Proposal summaries

These are research proposals that have been approved by the ALSPAC exec. The titles include a B number which identifies the proposal and the date on which the proposals received ALSPAC exec approval.

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B308 - Children in Poverty aspirations expectations and attitudes to education - 01/09/2006

B number: 
B308
Principal applicant name: 
Alissa Goodman (The Institute for Fiscal Studies, UK)
Co-applicants: 
Title of project: 
Children in Poverty: aspirations, expectations and attitudes to education.
Proposal summary: 

Children from deprived homes emerge from our schools with substantially lower levels of educational attainment. These educational deficits emerge early in children's lives, even before entry into school and widen throughout childhood.

But little is known about how family background affects education attainment. This project will consider the influences on children's skill development, in its broadest sense, focussing particularly on soft skills, and on attitudes to education amongst children from low-income backgrounds

Date proposal received: 
Friday, 1 September, 2006
Date proposal approved: 
Friday, 1 September, 2006
Keywords: 
Education
Primary keyword: 

B449 - Translating genome-wide association data from the WTCCC study into biological and clinical insights in type 2 diabetes - 01/09/2006

B number: 
B449
Principal applicant name: 
Prof Tim Frayling (University of Exeter & Plymouth, UK)
Co-applicants: 
Prof David McCarthy (London Metropole University, UK), Dr Michael Weedon (Peninsula Medical School, University of Plymouth, UK), Prof Andrew Hattersley (Not used 0, Not used 0)
Title of project: 
Translating genome-wide association data from the WTCCC study into biological and clinical insights in type 2 diabetes
Proposal summary: 

Aim.

To test the hypothesis that variation in genes in key beta-cell pathways increases the risk of type 2 diabetes.

Aim: To use large-scale genome wide association data from the Wellcome Trust Case Control Consortium (WTCCC) as a platform for a systematic assessment of the role of variation in beta-cell genes in the aetiology of type 2 diabetes.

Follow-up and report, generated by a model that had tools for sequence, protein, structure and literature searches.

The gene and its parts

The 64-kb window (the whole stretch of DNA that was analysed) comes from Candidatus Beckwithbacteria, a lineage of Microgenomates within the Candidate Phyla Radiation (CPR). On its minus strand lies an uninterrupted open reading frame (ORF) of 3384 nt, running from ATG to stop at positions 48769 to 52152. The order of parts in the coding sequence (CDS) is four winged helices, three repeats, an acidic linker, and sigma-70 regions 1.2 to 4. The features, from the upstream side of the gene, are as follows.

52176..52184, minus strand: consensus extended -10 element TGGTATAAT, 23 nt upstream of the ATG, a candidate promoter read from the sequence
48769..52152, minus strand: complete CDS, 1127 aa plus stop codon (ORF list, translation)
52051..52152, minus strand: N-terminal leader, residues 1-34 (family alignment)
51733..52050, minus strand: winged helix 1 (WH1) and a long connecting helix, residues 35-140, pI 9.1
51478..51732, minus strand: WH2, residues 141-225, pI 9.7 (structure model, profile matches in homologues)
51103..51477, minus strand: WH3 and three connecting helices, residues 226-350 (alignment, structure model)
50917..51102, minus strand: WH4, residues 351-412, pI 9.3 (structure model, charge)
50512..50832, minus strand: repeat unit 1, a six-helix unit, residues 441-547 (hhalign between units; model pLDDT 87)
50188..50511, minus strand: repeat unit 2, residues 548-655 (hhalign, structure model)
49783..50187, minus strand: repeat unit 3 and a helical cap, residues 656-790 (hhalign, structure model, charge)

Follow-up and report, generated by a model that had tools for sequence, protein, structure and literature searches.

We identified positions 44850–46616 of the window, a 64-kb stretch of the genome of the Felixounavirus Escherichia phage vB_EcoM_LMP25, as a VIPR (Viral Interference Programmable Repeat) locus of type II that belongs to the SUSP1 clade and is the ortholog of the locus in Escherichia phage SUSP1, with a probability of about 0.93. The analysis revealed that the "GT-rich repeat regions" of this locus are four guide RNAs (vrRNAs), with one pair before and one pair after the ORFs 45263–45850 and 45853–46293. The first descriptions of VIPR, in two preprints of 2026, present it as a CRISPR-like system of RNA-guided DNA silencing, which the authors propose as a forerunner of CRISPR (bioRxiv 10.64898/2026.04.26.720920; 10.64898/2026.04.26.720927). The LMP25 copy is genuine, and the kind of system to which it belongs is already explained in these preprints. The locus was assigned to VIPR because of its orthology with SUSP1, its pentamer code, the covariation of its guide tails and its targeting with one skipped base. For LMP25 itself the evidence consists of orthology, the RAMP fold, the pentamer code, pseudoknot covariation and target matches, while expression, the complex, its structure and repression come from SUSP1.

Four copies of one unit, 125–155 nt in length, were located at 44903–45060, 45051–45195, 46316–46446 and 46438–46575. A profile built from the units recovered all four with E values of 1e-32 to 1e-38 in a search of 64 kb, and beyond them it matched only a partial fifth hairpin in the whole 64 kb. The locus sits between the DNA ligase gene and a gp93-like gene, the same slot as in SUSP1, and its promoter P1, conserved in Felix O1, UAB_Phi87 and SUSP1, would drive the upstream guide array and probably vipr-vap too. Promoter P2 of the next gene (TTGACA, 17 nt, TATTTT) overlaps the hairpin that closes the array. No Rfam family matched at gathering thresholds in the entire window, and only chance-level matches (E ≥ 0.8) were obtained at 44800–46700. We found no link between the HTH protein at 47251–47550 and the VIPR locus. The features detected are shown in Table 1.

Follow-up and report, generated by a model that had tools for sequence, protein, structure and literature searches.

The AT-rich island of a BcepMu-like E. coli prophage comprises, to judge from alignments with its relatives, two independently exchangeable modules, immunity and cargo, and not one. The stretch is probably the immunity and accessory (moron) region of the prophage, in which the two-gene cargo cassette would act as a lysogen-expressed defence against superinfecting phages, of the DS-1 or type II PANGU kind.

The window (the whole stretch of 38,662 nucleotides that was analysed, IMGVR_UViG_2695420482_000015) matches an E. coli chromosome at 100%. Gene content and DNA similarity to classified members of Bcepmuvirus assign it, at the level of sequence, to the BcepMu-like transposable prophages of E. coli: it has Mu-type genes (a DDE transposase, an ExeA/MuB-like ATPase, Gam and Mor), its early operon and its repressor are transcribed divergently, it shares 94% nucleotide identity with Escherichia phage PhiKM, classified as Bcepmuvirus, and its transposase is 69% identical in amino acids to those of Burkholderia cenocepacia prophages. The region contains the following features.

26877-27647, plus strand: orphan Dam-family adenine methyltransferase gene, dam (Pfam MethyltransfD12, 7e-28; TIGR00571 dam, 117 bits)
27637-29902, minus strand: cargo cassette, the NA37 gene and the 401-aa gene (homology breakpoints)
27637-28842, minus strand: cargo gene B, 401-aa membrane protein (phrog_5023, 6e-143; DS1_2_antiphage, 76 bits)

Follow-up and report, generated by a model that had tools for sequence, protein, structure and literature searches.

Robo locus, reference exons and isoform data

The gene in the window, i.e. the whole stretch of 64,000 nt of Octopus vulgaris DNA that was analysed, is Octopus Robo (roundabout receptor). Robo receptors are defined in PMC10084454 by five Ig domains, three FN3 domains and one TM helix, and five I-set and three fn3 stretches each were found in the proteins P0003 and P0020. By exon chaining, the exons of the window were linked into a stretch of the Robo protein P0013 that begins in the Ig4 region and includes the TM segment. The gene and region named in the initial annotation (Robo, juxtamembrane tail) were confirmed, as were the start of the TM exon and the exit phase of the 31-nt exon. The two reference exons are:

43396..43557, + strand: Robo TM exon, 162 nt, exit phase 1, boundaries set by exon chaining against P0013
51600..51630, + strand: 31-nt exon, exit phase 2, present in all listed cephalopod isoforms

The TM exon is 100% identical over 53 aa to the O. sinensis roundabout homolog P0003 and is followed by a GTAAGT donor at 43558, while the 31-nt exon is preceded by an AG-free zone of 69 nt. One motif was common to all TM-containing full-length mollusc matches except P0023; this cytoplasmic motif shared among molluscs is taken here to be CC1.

Date proposal received: 
Friday, 1 September, 2006
Date proposal approved: 
Friday, 1 September, 2006
Keywords: 
Primary keyword: 

B389 - Use of Genetic-Variation to Explore Associations between Early Life Nutrition - 21/08/2006

B number: 
B389
Principal applicant name: 
Dr Sarah J Lewis (University of Bristol, UK)
Co-applicants: 
Prof George Davey Smith (University of Bristol, UK), Prof Debbie A Lawlor (University of Bristol, UK)
Title of project: 
Use of Genetic-Variation to Explore Associations between Early Life Nutrition.
Proposal summary: 

To determine whether exposure to specific dietary factors in utero and infancy influences cognition.

Specific Hypotheses:

1) Suboptimum levels of specific nutrients such as folate and omega-3 fatty acids in utero lead to impaired neurodevelopment and low cognitive ability.

2) Polymorphisms in genes which metabolise nutrients are associated with neurodevelopment in infancy and can be used to infer causal relationships between specific nutrients and cognition.

3) Maternal genotype and corresponding offspring genotype, jointly determine neurodevelopment in infancy and childhood. Associations with maternal genotype, independent of offspring genotype, will support the role of the prenatal environment.

Neuroanatomical and neurophysiological studies show that brain development occurs most rapidly during fetal development and in infancy. Nutrition is probably the single greatest environmental influence both on the fetus and neonate, and plays a necessary role in the maturation and functional development of the central nervous system. Therefore a lack of any nutrient required for brain development may be related to neurodevelopmental diseases such as autism as well as influencing general cognition. Nutrients found to be lacking in the mothers' diet could, if shown to be related to brain development, be modified to prevent disease and ensure that the childs' cognitive ability is not impaired.

We plan to:

1) Genotype mothers and their offspring with respect to candidate polymorphisms which influence nutrient intake, metabolism, transport or cellular uptake.

2) Determine associations between the above maternal and infant polymorphisms and childhood cognition.

3) Stratifying by offspring genotype, determine associations between maternal genotype and offspring cognition.

4) Investigate whether the above polymorphisms are associated with cigarette smoking, socioeconomic status, reproductive factors and other potential confounders in the mothers, to confirm that developmental outcome associations with genotypes are not confounded.

Genotype analysis